Notice that the addre argument in our theorem relating strlen to \mathrm{\tt FirstOccurrenceOf} is zero, indicating that we are interested in finding the first null character between str and the maximum address value addrmax in the memory address space (recall that addrmax\oplus1=0).

(iii) Specification through Equivalence to a Program in the Same Syntax

\mathrm{\tt strlen(str) = strlenNaive(str)}

size_t strlenNaive(char const* s) {
   char const* p = s;
   for (p = s; *p; p++);
   return p - s;

In this method of specification, both strlenNaive and strlen are specified in the same syntax (the syntax of the C programming language). However, the specification program (strlenNaive) is significantly simpler and smaller than the implementation (strlen).

AxiomsProof System
Logical encoding of the C programming language semanticsQuantifier-free logic with bitvector and array theories. Bisimulation Proof Theory.

(iv) Specification through Equivalence to a Program in a Different Syntax

Related(\mathrm{\tt str}, \mathrm{\tt strCoq}) \implies \mathrm{\tt strlen(str) = strlenCoq(strCoq)}

Inductive string : Set :=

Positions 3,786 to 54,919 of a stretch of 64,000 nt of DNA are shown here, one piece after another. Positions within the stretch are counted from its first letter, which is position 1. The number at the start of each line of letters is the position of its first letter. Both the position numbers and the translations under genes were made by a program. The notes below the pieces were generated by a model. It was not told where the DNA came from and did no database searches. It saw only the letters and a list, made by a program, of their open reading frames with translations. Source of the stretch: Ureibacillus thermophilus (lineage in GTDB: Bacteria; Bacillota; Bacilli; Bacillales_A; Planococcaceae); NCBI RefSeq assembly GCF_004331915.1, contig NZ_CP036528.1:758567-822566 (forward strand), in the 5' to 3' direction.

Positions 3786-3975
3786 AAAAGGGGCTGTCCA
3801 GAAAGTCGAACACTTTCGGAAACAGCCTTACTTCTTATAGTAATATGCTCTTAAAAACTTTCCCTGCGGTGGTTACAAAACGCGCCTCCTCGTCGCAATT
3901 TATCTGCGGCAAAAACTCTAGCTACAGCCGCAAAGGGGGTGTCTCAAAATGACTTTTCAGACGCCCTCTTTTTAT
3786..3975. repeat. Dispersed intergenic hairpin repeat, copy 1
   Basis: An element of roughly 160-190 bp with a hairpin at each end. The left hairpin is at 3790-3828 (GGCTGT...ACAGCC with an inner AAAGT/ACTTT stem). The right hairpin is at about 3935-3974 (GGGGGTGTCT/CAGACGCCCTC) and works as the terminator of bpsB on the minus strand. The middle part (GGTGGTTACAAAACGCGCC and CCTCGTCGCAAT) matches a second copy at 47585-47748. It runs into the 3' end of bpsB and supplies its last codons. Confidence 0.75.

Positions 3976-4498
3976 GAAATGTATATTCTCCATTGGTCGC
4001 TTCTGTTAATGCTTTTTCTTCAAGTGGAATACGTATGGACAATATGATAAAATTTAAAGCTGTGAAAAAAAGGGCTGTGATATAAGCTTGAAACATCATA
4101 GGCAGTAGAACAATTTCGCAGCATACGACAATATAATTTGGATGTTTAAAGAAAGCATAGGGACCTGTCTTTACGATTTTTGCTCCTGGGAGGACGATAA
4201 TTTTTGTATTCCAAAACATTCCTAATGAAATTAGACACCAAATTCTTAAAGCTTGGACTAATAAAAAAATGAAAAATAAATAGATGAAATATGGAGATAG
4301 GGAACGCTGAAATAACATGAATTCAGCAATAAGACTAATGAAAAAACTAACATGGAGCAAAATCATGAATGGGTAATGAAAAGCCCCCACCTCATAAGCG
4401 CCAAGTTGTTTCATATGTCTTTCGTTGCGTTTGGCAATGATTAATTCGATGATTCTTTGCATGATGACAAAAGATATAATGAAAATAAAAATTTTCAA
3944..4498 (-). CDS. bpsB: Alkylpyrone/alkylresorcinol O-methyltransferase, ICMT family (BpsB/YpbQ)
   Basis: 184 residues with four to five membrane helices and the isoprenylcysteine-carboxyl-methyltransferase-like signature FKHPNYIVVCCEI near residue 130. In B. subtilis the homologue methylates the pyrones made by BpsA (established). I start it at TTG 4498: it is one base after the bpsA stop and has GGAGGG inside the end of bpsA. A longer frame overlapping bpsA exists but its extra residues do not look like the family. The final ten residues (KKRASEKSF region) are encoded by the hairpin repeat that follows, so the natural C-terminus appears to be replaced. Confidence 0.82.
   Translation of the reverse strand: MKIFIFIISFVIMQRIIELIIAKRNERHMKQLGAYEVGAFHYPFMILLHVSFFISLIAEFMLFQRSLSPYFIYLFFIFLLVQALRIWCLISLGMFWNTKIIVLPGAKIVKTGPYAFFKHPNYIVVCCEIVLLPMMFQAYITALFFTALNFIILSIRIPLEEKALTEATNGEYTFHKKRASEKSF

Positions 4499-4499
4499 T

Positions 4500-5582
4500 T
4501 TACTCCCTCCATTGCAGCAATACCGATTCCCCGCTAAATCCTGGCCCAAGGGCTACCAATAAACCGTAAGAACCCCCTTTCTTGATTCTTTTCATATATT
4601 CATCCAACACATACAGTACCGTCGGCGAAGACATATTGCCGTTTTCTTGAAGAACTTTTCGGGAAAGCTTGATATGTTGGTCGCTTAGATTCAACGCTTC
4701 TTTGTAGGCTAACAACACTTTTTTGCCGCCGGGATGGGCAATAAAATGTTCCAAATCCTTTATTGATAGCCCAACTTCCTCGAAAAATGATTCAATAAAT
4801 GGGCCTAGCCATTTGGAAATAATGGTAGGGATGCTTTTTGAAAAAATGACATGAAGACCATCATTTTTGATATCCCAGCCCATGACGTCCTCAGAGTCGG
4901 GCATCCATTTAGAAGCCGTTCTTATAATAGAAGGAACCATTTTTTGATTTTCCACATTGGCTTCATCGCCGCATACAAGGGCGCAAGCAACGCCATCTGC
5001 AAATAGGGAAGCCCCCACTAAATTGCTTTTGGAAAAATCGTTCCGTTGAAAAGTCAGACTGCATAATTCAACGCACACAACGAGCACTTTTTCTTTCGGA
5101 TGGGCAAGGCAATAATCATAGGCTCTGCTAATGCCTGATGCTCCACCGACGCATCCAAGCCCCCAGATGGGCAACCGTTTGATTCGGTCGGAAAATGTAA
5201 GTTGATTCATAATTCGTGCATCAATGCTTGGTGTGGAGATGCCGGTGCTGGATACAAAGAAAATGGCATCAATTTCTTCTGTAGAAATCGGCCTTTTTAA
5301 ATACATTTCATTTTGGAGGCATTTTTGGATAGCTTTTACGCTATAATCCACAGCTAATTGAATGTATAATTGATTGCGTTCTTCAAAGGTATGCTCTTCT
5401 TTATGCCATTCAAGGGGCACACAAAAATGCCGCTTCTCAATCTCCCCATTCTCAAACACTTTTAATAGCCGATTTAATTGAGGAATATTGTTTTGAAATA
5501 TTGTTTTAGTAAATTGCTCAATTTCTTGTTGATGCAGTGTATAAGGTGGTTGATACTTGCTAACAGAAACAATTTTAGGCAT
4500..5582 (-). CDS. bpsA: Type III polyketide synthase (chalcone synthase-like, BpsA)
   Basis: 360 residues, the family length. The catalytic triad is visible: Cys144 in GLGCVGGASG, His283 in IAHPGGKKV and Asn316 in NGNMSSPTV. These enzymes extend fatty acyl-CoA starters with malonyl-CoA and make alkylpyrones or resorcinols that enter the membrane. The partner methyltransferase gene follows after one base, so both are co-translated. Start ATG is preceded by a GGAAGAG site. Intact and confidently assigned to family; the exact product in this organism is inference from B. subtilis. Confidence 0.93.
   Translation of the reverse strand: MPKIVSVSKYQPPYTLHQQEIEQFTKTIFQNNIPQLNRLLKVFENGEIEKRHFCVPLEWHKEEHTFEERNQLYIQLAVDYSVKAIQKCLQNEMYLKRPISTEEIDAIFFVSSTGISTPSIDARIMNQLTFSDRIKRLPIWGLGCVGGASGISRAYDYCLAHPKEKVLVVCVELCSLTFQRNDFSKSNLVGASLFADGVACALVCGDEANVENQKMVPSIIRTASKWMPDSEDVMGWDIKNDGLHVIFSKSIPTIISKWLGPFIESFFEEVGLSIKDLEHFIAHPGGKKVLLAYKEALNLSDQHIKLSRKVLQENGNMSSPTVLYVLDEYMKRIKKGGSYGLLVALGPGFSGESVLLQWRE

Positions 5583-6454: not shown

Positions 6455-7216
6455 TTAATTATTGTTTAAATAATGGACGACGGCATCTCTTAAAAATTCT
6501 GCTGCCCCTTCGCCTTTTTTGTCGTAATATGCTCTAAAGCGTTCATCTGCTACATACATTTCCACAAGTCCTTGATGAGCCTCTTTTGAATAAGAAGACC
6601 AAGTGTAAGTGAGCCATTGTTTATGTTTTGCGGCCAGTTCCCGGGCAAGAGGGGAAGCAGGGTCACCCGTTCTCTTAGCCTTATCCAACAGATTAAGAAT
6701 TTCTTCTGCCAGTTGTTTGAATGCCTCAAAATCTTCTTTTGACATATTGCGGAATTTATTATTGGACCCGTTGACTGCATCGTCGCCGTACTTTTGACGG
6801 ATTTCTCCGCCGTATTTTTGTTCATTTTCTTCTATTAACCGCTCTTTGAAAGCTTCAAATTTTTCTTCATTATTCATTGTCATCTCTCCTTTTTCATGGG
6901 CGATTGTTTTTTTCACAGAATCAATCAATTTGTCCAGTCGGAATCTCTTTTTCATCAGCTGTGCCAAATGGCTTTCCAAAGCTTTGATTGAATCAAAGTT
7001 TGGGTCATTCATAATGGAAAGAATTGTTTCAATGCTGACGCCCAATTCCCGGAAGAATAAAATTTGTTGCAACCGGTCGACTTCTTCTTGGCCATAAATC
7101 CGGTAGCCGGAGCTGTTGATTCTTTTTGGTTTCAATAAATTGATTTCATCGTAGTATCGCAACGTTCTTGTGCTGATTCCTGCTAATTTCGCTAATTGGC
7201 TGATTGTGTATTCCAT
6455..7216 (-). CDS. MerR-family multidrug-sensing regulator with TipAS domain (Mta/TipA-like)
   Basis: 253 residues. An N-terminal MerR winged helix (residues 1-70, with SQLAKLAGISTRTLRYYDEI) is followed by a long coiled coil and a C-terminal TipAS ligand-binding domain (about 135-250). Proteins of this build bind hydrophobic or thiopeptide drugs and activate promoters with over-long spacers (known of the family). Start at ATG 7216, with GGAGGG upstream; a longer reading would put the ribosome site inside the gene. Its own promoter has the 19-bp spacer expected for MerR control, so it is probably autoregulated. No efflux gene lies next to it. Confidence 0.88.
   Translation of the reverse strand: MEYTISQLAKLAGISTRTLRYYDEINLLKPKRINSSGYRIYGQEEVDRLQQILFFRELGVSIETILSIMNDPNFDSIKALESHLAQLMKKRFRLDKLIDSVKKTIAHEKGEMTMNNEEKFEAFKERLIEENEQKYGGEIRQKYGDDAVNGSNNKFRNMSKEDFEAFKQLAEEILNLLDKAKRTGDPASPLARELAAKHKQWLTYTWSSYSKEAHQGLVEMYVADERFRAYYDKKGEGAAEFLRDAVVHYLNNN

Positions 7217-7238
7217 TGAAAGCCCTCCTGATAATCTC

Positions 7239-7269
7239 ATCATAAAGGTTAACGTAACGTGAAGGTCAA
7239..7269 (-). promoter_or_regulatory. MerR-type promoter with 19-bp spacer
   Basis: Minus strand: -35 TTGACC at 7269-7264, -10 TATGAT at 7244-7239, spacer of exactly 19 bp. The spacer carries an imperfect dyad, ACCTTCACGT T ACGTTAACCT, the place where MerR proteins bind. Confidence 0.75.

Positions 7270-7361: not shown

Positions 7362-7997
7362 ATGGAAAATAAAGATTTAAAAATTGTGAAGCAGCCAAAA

| EmptyString : string
  | String : ascii -> string -> string

Fixpoint strlenCoq (strCoq : string) : nat :=
  match s with
  | EmptyString => 0
  | String c s' => S (length s')

Here, a different syntax (Coq) is used for the specification program. Using a higher-level Coq syntax has the benefit that a higher level syntax does not allow several unsafe behaviours, such as memory errors, that are possible in the C syntax (discussed in more detail in Adam Chlipala’s blog post). On the other hand, proofs with respect to the Coq specification now require the prover to relate the data structures between two different representations — e.g., str in C is a character array that needs to be related to strCoq that is a user-specified abstract data type.

AxiomsProof System
Logical encoding of the C and Coq programming language semanticsQuantifier-free logic with bitvector and array theories. CoInduction and Bisimulation. Support for relational predicates across data structures in C and Coq

3. Correctness of a Proof

A proof, or a verification process, is incorrect if it concludes that a theorem is provably valid even when it was not.

Irrespective of the method of specification and proof, the verification process can be incorrect for one of the following reasons:

  1. Incoherent Proof Steps: If any step in the proof does not follow from the existing theorems/axioms/proof rules, then we have an incorrect proof. The common solution to guard against this possibility is to have a mechanical proof checker, codified as a computer program, that can ascertain that all the steps in your proof are valid.

    However, if the proof checker has bugs or oversights, then you may admit an incorrect proof.